I’ve been thinking a lot lately about the promises and pitfalls of Artificial Intelligence (AI) in the context of big data. As a data scientist who works with employers, providers, and others trying to improve employee health and well-being, I’ve worked with my fair share of “big data” and have heard a myriad of complaints from human resource staff, medical directors, and others about being “buried” in data. In the health and wellness field, for example, having access to “big data” typically means there are many different types of data that are captured around employee health, program participation, health care utilization and use of sick leave and other health-related programs and policies.
There is an unrealized promise that having access to these sources in combination, loosely termed “big data”, will allow a better understanding of the health needs of a workforce and how best to manage the costs and other outcomes associated with those needs. For many practitioners, including health care and human resource analysts, the development and interpretation of systems relying on big data have consumed a growing portion of their daily work. And yet, many, if not most, remain disappointed in the results of all these efforts. According to the Integrated Benefits Institute, employers most want to understand the best ways to measure the impact of the programs and interventions they introduce. In a word, they want accountability.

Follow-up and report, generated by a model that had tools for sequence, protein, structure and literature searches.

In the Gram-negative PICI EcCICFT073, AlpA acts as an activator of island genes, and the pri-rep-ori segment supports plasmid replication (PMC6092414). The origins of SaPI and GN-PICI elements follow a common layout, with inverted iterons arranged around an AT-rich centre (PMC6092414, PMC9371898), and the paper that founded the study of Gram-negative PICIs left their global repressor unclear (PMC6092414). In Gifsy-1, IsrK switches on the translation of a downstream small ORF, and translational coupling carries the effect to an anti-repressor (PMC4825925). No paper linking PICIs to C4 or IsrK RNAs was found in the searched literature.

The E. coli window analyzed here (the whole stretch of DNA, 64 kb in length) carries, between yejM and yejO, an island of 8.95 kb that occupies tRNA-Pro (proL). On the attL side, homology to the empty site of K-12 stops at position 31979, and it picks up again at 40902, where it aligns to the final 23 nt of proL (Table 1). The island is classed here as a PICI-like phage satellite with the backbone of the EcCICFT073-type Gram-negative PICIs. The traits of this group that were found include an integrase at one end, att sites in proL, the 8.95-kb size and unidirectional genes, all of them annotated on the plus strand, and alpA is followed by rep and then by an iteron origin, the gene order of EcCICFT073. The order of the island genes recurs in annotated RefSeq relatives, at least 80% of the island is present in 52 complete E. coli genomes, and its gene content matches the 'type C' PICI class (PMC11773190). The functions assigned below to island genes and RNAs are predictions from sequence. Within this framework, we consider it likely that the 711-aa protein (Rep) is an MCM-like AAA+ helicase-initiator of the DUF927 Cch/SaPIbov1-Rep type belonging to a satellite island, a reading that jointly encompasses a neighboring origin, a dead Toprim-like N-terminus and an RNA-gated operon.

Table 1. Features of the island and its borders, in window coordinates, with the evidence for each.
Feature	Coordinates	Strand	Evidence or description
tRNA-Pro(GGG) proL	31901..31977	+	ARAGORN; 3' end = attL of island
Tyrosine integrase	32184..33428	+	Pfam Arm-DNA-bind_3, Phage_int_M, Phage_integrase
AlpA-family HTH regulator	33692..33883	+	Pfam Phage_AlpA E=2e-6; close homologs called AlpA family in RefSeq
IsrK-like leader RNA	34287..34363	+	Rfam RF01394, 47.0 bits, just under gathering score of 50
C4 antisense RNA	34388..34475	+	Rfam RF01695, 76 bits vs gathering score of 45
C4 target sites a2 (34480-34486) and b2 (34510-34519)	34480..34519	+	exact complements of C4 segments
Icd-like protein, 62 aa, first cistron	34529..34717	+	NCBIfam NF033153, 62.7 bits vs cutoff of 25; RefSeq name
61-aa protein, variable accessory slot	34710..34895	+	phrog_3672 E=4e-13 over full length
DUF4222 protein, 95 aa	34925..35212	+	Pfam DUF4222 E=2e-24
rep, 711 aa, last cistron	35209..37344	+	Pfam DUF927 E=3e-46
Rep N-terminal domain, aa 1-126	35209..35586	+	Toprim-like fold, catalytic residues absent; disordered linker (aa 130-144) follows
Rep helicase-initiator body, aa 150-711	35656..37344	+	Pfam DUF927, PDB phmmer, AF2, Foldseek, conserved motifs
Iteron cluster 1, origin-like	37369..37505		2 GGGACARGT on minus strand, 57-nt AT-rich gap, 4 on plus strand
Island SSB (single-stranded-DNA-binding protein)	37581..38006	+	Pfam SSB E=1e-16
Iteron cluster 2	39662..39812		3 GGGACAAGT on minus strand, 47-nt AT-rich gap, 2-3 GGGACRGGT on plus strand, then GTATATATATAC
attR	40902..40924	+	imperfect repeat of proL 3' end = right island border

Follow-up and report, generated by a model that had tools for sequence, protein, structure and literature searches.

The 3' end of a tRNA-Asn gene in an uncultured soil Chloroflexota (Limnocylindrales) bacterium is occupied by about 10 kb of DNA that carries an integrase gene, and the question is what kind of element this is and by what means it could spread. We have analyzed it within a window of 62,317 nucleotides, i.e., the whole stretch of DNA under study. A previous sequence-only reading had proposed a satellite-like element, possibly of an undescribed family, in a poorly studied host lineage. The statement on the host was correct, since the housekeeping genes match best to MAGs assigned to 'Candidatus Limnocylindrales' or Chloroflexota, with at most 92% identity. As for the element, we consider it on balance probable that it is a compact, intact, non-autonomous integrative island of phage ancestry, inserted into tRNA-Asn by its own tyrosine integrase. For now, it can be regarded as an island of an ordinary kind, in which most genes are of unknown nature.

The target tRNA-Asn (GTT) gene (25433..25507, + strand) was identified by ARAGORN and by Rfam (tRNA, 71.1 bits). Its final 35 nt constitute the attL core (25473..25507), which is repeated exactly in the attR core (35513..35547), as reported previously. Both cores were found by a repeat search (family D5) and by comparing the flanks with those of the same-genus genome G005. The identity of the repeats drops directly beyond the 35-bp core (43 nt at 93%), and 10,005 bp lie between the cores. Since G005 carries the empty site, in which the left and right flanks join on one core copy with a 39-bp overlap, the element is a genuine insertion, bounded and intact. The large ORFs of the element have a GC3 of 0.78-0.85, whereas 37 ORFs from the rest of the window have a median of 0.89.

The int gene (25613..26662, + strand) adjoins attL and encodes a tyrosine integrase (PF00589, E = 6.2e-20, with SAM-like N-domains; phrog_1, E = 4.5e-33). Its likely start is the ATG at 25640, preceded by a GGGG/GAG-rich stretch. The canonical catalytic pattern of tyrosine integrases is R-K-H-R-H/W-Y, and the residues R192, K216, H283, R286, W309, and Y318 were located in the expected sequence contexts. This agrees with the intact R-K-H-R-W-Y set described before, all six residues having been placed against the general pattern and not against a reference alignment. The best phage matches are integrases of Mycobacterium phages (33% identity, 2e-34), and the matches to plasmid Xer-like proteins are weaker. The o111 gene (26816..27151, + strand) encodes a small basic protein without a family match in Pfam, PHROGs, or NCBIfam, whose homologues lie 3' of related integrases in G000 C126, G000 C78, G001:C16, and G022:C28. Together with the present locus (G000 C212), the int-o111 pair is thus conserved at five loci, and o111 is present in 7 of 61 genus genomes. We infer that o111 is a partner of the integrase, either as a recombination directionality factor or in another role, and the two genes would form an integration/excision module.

Sometimes outcome measures might include how effective these programs are in generating healthy results for the workers and sometimes the desired outcomes might be more narrowly cast around reducing the medical spend for an employer. Being accountable means having transparency around the outcomes you seek to generate and measuring those outcomes over time to assess whether the outcomes are changing in the direction you expect.